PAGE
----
It may be conceded that in the suit by Merkin against Godomsky, Schoeneick and Freeman each defendant undertook to lay the fault upon one or the other of the remaining defendants without being brought to the conclusion that the issue thus tried out was identical with issues framed by suit and counter-suit between the defendants. It is not made clear to us why the court below considered that the Merkin [120 NJL Page 119] verdict was conclusive against the present litigants in other respects, and yet, although it found that there was no agency as between Schoeneick and Godomsky, that the issue of agency was to be retried. That issue was litigated in the Merkin trial, although not necessarily as between the defendants themselves; and if this saving be the reason for the distinction, all the more are we brought face to face with the fact that the Merkin trial was not a trial in disposition of the issues between the several defendants. The confusion incident to the process of determining what issues were and what were not disposed of in the one case with relation to the others is accentuated by the informality and lack of responsive pleadings whereby an issue is drawn in the District Court. Whatever ease or difficulty there may be in distinguishing an issue, the identity of the issue must be the same in order to justify the application of the doctrine of res judicata. It is necessary "that the right to relief in the one suit shall rest upon the same point or question which, in essence and substance, was litigated and determined in the first suit * * *." In re Walsh's Estate, 80 N.J. Eq. 565, 569. "The scope of the estoppel of a judgment depends upon whether the question arises in a subsequent action between the same parties upon the same claim or demand, or upon a different claim or demand. In the former case a judgment upon the merits is an absolute bar to the subsequent action. In the latter the inquiry is whether the point or question to be determined in the later action is the same as that litigated and determined in the original action." Miller v. Stieglitz, 113 N.J.L. 40, 44. The court below also recited in the order, supra, that "it clearly appears from the allegations and from the admissions of the attorneys on this argument that the accident involved in all of these cases herein mentioned is the same identical accident and also that the parties mentioned in these cases are the same parties." The accident may be the same and the issues different. It may reasonably be inferred that the contact between the automobile or automobiles and the building was subsequent to, although it followed upon, the collision between the automobiles;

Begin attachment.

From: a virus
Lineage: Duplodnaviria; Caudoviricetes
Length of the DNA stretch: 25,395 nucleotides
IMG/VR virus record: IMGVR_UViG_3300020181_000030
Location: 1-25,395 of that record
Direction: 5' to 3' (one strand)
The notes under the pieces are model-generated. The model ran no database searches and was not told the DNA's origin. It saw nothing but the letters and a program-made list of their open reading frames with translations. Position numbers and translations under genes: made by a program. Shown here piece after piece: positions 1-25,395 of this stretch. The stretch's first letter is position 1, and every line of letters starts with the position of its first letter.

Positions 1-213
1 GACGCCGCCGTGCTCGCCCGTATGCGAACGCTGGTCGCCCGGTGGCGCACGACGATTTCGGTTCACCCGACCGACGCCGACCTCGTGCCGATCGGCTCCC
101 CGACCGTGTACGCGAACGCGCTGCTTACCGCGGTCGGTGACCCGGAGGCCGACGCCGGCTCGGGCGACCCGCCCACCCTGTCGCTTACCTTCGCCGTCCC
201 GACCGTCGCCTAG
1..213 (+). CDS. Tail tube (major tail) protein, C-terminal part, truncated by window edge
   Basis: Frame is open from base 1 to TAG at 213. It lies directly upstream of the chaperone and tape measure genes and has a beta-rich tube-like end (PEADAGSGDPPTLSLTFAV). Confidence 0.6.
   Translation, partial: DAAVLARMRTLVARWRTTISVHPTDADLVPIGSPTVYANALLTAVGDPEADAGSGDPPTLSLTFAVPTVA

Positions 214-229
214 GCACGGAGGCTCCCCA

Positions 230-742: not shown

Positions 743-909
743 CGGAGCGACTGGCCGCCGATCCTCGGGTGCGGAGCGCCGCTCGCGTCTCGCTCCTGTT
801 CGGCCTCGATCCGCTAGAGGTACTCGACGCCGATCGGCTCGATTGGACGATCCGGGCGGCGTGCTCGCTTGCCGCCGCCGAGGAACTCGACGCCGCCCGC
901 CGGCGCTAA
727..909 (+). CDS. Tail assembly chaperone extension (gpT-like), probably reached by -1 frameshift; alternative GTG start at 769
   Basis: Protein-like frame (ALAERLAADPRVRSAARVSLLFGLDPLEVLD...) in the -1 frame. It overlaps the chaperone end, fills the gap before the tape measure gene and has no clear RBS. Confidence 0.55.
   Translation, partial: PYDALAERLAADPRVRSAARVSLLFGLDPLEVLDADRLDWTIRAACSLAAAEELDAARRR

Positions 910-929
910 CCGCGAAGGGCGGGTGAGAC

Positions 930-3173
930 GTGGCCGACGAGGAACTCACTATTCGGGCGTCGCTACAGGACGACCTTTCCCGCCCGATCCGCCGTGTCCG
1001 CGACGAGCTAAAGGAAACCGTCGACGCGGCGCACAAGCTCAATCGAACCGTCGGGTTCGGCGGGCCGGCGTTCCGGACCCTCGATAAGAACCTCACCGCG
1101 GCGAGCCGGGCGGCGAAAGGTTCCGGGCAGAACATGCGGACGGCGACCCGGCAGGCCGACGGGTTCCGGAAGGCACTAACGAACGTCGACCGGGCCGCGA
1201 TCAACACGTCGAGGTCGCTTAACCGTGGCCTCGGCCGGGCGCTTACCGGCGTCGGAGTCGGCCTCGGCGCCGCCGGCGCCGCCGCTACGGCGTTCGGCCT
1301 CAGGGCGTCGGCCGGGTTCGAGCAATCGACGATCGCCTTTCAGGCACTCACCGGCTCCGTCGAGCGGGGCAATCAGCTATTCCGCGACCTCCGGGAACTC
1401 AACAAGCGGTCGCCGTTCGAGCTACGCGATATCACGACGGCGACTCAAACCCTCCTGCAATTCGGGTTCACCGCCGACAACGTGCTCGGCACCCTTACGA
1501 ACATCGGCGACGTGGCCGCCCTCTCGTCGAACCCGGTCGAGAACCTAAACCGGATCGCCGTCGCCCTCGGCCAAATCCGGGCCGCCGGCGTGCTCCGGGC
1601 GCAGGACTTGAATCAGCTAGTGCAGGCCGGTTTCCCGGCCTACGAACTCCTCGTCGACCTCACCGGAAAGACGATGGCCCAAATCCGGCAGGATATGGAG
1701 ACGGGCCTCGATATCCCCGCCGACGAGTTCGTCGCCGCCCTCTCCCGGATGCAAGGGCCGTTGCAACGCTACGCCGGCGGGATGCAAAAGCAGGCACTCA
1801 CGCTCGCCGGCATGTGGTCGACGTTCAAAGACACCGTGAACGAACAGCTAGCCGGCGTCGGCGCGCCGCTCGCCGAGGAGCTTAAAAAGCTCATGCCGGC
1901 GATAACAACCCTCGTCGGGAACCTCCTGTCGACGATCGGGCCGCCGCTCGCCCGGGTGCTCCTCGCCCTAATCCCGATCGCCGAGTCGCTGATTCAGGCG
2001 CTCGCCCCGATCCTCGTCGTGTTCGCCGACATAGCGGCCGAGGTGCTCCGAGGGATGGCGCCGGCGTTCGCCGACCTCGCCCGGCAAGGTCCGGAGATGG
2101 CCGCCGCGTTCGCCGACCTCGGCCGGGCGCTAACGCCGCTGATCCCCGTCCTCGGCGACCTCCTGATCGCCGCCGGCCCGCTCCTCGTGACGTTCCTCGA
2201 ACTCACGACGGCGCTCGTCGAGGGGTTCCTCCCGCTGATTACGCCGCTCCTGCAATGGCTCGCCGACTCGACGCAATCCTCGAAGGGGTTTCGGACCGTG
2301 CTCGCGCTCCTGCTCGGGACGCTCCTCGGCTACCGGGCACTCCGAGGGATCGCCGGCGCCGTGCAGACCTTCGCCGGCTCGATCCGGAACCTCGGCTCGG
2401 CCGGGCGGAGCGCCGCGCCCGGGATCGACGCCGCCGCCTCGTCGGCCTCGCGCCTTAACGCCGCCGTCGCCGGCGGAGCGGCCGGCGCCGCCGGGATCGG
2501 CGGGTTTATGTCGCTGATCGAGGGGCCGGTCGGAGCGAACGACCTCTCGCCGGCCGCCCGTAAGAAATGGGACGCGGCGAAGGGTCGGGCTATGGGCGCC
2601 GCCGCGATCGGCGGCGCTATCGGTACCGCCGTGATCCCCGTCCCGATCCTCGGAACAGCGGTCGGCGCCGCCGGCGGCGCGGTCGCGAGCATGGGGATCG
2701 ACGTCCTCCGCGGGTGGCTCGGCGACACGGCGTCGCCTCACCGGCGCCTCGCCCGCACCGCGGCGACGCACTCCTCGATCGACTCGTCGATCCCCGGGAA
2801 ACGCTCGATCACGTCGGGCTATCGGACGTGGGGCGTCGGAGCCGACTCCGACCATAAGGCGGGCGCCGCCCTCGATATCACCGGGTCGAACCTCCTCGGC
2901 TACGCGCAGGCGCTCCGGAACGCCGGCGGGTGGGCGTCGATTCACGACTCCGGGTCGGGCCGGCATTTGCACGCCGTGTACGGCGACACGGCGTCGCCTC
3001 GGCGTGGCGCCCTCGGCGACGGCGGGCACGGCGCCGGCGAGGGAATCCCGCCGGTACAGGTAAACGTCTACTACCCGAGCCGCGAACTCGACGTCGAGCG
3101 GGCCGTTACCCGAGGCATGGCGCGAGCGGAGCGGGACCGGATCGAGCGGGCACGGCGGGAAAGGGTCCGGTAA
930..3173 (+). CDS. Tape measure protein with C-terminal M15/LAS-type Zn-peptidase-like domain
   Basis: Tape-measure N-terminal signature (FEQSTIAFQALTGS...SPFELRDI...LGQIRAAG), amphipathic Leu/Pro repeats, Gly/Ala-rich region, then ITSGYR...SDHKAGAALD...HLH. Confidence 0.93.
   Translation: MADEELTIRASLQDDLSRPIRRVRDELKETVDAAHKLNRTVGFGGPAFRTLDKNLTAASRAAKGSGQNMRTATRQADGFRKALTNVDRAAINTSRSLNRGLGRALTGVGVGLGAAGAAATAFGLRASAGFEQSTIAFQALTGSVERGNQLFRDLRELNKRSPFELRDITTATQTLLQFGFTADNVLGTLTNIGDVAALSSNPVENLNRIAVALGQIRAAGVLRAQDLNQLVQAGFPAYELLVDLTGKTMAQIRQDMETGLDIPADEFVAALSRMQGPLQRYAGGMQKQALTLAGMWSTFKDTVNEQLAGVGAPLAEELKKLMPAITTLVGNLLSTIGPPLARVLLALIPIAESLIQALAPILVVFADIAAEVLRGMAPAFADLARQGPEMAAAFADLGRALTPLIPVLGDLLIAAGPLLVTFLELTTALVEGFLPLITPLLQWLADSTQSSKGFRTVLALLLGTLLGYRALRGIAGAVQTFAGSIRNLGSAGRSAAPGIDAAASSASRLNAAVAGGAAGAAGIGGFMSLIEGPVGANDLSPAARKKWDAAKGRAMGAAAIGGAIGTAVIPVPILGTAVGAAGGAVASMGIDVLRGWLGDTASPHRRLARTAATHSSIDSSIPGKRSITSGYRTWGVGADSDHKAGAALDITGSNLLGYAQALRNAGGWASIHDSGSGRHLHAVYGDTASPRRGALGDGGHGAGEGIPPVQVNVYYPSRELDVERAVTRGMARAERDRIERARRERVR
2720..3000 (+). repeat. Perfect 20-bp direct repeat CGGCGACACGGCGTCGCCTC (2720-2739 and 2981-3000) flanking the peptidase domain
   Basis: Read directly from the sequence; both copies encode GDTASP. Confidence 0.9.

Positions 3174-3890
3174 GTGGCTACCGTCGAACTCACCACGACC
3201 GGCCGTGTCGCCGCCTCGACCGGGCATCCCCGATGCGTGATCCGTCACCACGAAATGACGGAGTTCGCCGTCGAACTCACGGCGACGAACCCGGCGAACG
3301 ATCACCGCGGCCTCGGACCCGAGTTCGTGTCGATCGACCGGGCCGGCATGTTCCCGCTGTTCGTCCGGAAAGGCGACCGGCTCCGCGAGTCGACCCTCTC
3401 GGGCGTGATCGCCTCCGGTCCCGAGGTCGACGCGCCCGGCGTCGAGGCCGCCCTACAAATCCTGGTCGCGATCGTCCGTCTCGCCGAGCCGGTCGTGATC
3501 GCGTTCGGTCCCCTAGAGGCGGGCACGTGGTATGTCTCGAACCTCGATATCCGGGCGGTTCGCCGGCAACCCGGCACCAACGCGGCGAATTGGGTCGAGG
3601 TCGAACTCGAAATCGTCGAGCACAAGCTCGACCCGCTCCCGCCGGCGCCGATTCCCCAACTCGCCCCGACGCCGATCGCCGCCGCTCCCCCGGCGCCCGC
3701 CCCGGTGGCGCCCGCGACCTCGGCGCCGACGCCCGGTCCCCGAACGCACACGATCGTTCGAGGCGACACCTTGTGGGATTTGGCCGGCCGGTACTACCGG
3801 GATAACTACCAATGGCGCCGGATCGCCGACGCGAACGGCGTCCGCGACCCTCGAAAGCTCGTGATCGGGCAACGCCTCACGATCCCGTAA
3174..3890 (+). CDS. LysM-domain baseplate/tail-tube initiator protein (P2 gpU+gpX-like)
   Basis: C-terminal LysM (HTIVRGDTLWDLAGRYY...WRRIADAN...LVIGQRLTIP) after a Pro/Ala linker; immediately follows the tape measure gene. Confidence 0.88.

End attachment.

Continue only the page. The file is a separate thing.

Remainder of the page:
and while in a sense the accident may be said to be the same, there was the opportunity for intervening factors between the collision of one automobile with the other and the crash of one or both of them against the building. The paucity of proofs before the trial court in the instant case, and therefore in the transcript before us, leaves the findings below without support. Also, while it is true that the present parties are the persons of the same names who were in the other litigation, they were not all of the parties in that suit and we are left, by the record, in grave doubt whether the issue was, or was in the minds of either court, jury or litigants, identical with the one now mooted.

The conclusion reached by the editors of the 101 American Law Reports, Annotated, 105, upon a review of the leading cases in the country, is that:

"While the cases are not entirely in harmony, sometimes even in the same jurisdiction, the rule supported by the great weight of authority is that a judgment in favor of the plaintiff in an action against two or more defendants is not res judicata or conclusive of the rights and liabilities of the defendants inter se in a subsequent action between them, unless those rights and liabilities were expressly put in issue in the first ...